This script requires that you have Secure Shell (SSH) key authentication setup between the server on which you are running the script and your HMC.

Listing 6 shows the output of the script.

Listing 6. “./hmc_to_dot.sh hmc_name” output
graph hmc_graph{
 "hmc01" -- "test520"
    "test520" -- "lpar2"
    "test520" -- "lpar3"
 "hmc01" -- "test570"
    "test570" -- "aixtest01"
    "test570" -- "aixtest02"
    "test570" -- "aixtest03"
 "hmc01" -- "test510"
    "test510" -- "lpar1"
}

You can easily generate the graph from the script by running the following command: ./hmc_to_dot.shhmc_server_name|dot-Tpng-ohmc_graph.png

This runs the script that dynamically creates the DOT language and then pipes this output to the dot command which in turn creates the diagram as a file named, hmc_graph.png. Figure 4 shows the diagram created.

Figure 4. Diagram created from the hmc_to_dot.sh script
Diagram created from the hmc_to_dot.sh script

More complex scripts

The following two scripts show some of the possibilities of using scripts to dynamically create diagrams. Both of these are Perl scripts and their output can be piped to the dot command to generate the diagrams.

These two scripts require that you have the SSH key authentication setup between the server on which you are running the script and your HMC. The scripts are designed to work with the systems that have a single VIOS or dual Virtual I/O Servers, and depending on your environment, they might need to be tweaked.

The first script gathers information from the HMC and Virtual I/O Servers in order to dynamically create a diagram of the NPIV architecture in an IBM PowerVM® environment. This NPIV architecture diagram makes it very easy to see how physical host bus adapters (HBAs) are mapped through to virtual HBAs and LPARs. This script is run with the HMC name as the first parameter and the managed system name as the second parameter.

Scripts such as these can be run through cron daily so that you have self-documenting diagrams that are accurate and up-to-date.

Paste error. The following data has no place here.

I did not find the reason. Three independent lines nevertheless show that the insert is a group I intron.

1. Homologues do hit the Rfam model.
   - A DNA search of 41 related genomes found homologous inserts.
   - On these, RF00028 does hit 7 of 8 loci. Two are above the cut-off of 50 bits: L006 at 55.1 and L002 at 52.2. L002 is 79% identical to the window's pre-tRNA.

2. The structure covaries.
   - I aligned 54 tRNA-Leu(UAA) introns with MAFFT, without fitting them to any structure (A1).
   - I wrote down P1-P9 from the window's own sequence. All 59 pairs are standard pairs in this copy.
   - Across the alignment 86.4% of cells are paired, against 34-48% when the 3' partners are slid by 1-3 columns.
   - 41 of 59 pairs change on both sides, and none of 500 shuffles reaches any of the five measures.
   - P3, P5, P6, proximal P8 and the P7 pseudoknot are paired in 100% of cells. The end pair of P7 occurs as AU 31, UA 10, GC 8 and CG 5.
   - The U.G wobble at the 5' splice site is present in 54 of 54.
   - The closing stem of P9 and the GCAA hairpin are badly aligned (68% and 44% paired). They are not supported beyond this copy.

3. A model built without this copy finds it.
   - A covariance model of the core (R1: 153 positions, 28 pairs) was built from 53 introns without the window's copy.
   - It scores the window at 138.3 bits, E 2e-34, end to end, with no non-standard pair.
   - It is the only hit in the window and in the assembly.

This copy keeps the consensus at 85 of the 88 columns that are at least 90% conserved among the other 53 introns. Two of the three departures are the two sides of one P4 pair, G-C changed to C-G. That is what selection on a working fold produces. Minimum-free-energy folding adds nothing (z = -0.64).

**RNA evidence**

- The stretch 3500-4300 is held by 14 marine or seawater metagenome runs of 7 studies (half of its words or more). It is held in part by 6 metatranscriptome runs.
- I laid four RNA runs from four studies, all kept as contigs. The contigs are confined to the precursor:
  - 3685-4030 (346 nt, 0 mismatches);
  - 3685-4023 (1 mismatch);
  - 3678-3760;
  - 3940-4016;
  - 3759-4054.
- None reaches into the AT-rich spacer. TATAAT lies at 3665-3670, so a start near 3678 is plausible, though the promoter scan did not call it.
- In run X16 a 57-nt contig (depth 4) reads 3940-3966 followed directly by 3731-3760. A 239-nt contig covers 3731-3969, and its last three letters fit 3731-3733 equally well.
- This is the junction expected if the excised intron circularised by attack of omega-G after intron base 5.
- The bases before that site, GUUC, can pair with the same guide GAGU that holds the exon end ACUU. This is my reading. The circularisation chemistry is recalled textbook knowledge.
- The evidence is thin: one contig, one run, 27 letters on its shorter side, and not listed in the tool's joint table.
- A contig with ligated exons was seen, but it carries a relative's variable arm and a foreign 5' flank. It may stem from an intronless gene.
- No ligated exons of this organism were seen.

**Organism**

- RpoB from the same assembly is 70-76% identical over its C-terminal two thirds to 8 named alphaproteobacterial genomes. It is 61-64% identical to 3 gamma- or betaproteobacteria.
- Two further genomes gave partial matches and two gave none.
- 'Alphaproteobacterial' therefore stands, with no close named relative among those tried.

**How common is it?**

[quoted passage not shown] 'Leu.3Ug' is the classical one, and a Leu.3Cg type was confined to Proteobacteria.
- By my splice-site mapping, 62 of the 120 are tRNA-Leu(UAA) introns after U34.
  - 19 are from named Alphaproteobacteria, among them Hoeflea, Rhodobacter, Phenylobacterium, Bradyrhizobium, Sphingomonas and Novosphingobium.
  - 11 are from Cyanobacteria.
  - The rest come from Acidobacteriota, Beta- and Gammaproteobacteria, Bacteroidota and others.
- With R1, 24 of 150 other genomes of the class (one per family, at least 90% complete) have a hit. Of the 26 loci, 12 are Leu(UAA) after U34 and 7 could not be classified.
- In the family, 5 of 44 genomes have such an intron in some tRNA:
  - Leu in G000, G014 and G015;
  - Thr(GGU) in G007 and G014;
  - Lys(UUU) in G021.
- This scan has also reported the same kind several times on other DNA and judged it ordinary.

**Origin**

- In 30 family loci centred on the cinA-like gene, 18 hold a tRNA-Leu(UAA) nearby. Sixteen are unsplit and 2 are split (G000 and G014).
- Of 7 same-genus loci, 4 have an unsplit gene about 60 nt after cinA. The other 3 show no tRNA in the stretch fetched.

Listing 7. vio_npiv_info.pl – Creating the NPIV diagram
 Download :- vio_npiv_info.pl
Figure 5. Diagram created from vio_npiv_info.pl
Diagram created from vio_npiv_info.pl

The final example script gathers information from the HMC and Virtual I/O Servers and produces a diagram of the VSCSI adapter mappings in a PowerVM environment. This script is run with the HMC name as the first parameter and the managed system name as the second parameter.

Listing 8. vio_vscsi_info.pl – Creating the VSCSI diagram
Download :- vio_vscsi_info.pl
Figure 6. Diagram created from vio_vscsi_info.pl
Diagram created from vio_vscsi_info.pl

Click to see larger image

Figure 6. Diagram created from vio_vscsi_info.pl

Diagram created from vio_vscsi_info.pl

Conclusion

With today’s dynamic environment of virtualization, systems are constantly changing and it is difficult to manually keep documentation and diagrams up-to-date and accurate. This article has presented the basics of Graphviz and how to write scripts that harness the power of Graphviz to create up-to-date, accurate, and automated diagrams of your environment. You can run these scripts from cron and place the diagrams on a web server so that your diagrams are re-created as often as you would require and are easily accessible through a web browser.


Resources

The Graphviz website has excellent documentation and you can download Graphviz for most platforms from here.

The perzl.org website has AIX binaries of Graphviz available.